For most individuals, integrating and managing the knowledge and information needed to perform effectively is a challenge. You must learn to manage yourself and your formal and informal exchanges and interactions with others. This must be done in the context of your understanding of who you are: your goals, your capabilities, your knowledge of your own strengths and weaknesses; and your appreciation of your social, technical and business environments. Individuals must be able to engage in activities in different 'markets', keep them from interfering with each other, manage them together, focus an eye on the future, and assess their different aspects from the perspective of the 'big picture' of their whole life's narrative.
Networks and organizations also have the challenge of maintaining continuity and identity over time - sometimes with minimal infrastructure. They too must integrate and manage their knowledge and information and their exchanges with their environments to perform effectively. Continued viability depends on it.
The Viable System Model
This paper looks at the management of knowledge from the perspective of the individual, the network and the organization using Stafford Beer's Viable System Model. The VSM is a powerful descriptive and diagnostic tool to map management capacities to promote viability.
Management cybernetician Stafford Beer (1979, 81, 85) spent many years researching the necessary and sufficient conditions for a complex system to be viable. He determined that viability was maintained by engaging in different activities, keeping them from interfering with each other, managing them together, focusing on the future and doing so in the context of an identity within which the interests of the whole over time could be considered. This is how the human nervous system works, and how successful collective enterprises work too. Many applications of the VSM have been undertaken, by Beer and others, in business, government, non-profit organizations and non-organizational systems. (Espejo and Harnden, 1985)
The VSM labels these management functions Systems One through Five, and they are repeated at different levels: the individual, the work group, and on to each successive category as long as it remains relevant. The only criterion is that the System One units must which these management functions support must produce something of value for the environment such that it could be, in its own right, a viable system.
The VSM has been used to both diagnose existing organizational structures and to design new ones. It also provides a useful template against which to consider alternative structures and new challenges the system is facing, like integrating its internal and its external knowledge or monitoring the evolution of its identity in a changing market.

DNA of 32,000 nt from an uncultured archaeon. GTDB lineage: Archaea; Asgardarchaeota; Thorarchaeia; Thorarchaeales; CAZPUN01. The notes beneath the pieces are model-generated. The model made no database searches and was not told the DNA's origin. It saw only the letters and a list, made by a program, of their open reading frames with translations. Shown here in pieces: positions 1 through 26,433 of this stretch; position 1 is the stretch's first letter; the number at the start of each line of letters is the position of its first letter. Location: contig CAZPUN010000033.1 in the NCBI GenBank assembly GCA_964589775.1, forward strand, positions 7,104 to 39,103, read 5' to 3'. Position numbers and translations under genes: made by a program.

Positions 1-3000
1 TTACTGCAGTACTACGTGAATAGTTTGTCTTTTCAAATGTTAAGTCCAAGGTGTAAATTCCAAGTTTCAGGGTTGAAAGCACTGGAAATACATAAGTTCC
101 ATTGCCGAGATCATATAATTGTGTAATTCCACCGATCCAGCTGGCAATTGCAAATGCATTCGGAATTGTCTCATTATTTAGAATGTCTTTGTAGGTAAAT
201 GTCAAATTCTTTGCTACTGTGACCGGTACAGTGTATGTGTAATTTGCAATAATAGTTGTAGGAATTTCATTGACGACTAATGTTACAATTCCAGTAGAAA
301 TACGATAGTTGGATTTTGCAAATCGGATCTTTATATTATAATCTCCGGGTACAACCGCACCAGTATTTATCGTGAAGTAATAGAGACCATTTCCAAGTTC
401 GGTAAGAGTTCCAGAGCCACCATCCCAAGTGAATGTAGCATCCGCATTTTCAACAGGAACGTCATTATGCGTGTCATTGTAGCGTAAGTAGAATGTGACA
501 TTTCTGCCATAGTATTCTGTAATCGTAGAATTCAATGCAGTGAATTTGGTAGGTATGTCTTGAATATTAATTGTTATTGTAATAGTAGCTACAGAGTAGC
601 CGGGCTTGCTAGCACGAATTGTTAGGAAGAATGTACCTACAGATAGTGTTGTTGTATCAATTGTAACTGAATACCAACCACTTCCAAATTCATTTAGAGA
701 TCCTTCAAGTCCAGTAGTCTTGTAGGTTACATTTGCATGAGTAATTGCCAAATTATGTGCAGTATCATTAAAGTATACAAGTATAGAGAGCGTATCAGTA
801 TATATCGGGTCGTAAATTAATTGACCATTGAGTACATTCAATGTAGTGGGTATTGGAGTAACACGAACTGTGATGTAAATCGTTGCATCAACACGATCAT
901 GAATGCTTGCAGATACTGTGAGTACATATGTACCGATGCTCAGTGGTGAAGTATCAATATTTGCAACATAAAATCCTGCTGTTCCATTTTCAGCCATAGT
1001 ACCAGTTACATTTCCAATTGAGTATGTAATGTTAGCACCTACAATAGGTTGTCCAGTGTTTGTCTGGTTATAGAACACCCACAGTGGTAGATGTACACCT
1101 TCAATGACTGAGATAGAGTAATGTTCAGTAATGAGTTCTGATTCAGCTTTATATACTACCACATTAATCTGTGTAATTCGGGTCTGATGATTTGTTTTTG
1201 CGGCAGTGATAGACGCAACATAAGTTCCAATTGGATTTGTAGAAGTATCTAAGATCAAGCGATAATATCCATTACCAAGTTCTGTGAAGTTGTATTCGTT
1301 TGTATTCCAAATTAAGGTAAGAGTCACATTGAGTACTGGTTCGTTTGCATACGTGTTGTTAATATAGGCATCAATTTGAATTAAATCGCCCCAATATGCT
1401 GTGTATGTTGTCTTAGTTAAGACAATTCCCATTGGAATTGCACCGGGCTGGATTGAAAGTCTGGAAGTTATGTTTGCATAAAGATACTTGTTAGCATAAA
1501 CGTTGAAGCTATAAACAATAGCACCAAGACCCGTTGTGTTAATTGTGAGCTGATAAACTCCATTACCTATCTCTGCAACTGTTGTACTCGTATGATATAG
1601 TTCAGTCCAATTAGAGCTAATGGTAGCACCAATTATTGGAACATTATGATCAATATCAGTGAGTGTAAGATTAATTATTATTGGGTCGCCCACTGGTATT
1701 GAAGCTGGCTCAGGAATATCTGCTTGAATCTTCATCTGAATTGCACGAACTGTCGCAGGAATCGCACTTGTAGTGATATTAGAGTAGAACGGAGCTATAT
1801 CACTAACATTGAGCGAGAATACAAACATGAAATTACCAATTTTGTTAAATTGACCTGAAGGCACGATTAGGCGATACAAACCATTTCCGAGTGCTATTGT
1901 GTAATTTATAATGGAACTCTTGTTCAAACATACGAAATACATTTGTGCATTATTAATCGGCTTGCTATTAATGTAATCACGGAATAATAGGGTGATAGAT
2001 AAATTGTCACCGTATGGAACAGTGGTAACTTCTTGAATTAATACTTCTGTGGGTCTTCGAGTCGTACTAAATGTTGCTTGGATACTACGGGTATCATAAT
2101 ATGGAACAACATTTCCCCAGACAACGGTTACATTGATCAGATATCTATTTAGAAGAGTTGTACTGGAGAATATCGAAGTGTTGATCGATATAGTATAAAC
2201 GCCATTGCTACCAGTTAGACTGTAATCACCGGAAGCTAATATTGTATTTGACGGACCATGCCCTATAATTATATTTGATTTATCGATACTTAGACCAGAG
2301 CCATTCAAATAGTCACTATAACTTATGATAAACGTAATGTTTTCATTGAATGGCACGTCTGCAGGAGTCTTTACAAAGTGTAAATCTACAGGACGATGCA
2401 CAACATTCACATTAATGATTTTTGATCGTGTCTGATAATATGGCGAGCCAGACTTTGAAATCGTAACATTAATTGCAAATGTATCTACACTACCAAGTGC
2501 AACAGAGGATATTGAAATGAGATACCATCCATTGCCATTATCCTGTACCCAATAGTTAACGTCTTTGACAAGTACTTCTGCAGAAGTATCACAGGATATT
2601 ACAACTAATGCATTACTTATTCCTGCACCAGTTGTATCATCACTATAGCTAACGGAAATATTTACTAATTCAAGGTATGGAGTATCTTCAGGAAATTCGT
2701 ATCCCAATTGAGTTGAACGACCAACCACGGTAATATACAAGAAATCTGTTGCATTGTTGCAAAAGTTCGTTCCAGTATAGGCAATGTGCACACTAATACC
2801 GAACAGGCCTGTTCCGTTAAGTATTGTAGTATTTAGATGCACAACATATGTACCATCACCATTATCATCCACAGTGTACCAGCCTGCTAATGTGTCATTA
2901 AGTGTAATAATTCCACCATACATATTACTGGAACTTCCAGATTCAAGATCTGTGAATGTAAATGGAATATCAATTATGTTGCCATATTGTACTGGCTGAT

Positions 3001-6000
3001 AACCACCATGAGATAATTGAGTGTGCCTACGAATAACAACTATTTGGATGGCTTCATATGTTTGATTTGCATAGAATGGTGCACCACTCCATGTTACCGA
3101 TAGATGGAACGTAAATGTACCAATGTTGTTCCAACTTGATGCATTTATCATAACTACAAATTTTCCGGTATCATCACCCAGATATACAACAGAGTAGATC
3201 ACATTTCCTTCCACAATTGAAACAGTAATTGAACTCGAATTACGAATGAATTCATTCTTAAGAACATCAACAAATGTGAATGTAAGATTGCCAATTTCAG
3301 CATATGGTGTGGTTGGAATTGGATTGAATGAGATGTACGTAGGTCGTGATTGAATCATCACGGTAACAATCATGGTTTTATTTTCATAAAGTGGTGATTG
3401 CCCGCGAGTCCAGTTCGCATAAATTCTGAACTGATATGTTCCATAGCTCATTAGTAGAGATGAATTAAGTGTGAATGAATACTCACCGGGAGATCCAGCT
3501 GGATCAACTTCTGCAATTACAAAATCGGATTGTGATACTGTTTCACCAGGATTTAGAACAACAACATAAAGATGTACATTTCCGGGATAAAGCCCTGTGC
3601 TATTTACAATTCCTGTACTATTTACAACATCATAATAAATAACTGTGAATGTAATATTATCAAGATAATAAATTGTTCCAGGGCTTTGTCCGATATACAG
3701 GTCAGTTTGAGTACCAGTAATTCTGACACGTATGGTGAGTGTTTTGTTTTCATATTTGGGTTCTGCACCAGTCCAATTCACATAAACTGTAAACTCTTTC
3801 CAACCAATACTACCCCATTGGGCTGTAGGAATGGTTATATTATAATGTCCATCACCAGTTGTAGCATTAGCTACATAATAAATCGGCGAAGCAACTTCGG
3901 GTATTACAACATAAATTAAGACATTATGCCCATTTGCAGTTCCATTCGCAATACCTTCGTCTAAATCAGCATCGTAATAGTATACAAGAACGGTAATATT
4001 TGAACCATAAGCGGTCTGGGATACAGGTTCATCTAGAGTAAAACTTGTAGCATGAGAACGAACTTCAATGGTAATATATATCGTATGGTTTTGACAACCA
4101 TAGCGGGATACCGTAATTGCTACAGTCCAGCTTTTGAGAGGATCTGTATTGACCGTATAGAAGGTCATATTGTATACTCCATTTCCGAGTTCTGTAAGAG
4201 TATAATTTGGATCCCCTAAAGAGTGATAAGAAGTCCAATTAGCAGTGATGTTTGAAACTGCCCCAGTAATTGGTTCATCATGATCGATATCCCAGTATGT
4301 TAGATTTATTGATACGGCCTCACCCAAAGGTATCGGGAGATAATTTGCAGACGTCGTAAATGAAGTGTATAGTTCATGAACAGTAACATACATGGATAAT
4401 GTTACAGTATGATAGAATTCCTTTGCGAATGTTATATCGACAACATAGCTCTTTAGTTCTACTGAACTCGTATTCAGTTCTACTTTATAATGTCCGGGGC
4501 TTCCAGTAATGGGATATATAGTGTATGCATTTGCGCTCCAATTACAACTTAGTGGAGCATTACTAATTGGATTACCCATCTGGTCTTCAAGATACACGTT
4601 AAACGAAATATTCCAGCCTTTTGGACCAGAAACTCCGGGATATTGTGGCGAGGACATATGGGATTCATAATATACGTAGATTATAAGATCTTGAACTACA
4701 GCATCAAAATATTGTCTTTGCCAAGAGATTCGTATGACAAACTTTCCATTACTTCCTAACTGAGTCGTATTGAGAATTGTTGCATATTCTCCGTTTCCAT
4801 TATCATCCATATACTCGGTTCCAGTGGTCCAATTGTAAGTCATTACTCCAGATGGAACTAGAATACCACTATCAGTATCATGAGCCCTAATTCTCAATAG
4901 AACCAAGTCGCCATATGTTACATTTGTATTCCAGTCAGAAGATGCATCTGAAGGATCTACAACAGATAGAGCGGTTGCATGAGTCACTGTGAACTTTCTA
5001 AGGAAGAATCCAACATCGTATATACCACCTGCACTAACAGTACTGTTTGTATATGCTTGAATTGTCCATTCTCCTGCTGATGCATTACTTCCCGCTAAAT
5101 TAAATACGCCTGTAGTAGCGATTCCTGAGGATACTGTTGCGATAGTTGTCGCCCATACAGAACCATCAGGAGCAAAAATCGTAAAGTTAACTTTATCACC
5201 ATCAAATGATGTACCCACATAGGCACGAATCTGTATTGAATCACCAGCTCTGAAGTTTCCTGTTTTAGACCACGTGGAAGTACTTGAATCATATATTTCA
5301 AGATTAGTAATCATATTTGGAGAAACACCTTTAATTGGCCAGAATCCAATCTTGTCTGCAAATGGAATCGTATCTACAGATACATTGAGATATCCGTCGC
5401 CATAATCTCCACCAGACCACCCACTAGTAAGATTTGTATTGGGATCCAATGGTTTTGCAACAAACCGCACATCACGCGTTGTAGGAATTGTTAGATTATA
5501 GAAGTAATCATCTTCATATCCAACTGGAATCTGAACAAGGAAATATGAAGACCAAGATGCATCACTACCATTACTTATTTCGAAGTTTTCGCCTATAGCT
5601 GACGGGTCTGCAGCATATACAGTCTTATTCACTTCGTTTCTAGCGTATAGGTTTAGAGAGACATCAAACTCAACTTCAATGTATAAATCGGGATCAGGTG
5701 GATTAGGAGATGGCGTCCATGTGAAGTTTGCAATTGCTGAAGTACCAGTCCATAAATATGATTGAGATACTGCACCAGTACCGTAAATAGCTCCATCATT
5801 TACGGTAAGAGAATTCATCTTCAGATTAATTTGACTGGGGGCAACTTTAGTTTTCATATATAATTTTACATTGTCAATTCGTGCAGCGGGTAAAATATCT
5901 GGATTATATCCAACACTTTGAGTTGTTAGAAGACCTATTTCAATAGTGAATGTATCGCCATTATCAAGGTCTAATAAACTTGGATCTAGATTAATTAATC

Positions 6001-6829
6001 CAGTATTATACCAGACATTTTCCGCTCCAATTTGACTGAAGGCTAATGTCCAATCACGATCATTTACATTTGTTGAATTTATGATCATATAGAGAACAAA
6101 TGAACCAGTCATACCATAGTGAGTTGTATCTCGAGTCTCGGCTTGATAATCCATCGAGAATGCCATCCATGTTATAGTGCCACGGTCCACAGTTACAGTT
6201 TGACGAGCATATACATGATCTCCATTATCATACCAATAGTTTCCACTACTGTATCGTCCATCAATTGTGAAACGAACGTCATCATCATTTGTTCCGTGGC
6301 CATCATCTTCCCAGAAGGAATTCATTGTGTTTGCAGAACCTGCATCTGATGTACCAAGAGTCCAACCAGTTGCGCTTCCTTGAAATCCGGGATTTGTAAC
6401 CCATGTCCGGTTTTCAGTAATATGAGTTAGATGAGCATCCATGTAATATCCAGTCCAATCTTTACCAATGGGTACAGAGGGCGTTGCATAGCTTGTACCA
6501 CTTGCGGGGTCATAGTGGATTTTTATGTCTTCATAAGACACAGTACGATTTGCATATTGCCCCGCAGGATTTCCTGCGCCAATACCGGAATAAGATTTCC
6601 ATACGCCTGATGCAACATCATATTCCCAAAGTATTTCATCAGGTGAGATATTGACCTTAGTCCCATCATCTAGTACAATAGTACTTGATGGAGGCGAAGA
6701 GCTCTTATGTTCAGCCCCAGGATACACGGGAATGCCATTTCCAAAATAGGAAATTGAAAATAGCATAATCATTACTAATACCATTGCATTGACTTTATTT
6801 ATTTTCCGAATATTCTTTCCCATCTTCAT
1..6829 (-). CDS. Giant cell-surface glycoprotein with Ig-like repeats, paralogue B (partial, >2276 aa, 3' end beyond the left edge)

The repetition of the same patterns and relationships at different levels or scales is called recursion. It enables the same functions to be mapped up and down and compared for appropriate matches of attention, consistency and completeness. From the perspective of any particular level, it is possible to look up a level or down a level to see which information is key. Both individuals and organizations will be part of a number of systems at higher levels of recursion. Recursive levels of networks are fuzzier but may still be explored. Local networks are often part of national or international communities; networks which occupy market niches are embedded in larger market segments; and clusters of users of a specific technology may be linked to more generic user groups.
Some recursive relationships, like government jurisdictions are neatly nested like a set of Russian dolls. Others, like coalitions or work teams have fluctuating boundaries. In each case, an identity is assumed which accepts some restraints on its autonomy in the interests of fitting into the larger system. Each also harmonizes the associated information and criteria of its different memberships - with more or less success.
People in any organization often have roles at more than one level of recursion. When this occurs, the same question may have different answers depending on the hat one is wearing. For example, a question about how extensively to document a process would depend on whether one's perspective is serving today's customers or integrating product lines from several divisions. The history of a project might be useful to a wider group - or a subgroup - within the organization. Some processes might be standardized and marketed as products in their own right. Others might expose the whole organization to liability when assessed according to a wider range of users or conception of risk. The implications could span many levels of recursion but might not be obvious from any single perspective.
When using the Viable System Model, it is often helpful to consider one level of recursion as the 'system in focus' and to explore the levels of recursion immediately above and below it. This becomes especially useful as complexity increases in an organization with multiple projects, sites or divisions.
Knowledge Management and the Big Picture
The knowledge that individuals and organizations have of themselves provides the framework in which they choose alternatives from among a huge, often uncountable, range of possibilities. Typically, self-knowledge is mediated by the culture and language in which discussions take place and the extent to which it is possible to integrate various perspectives and models in order to act as a purposeful entity.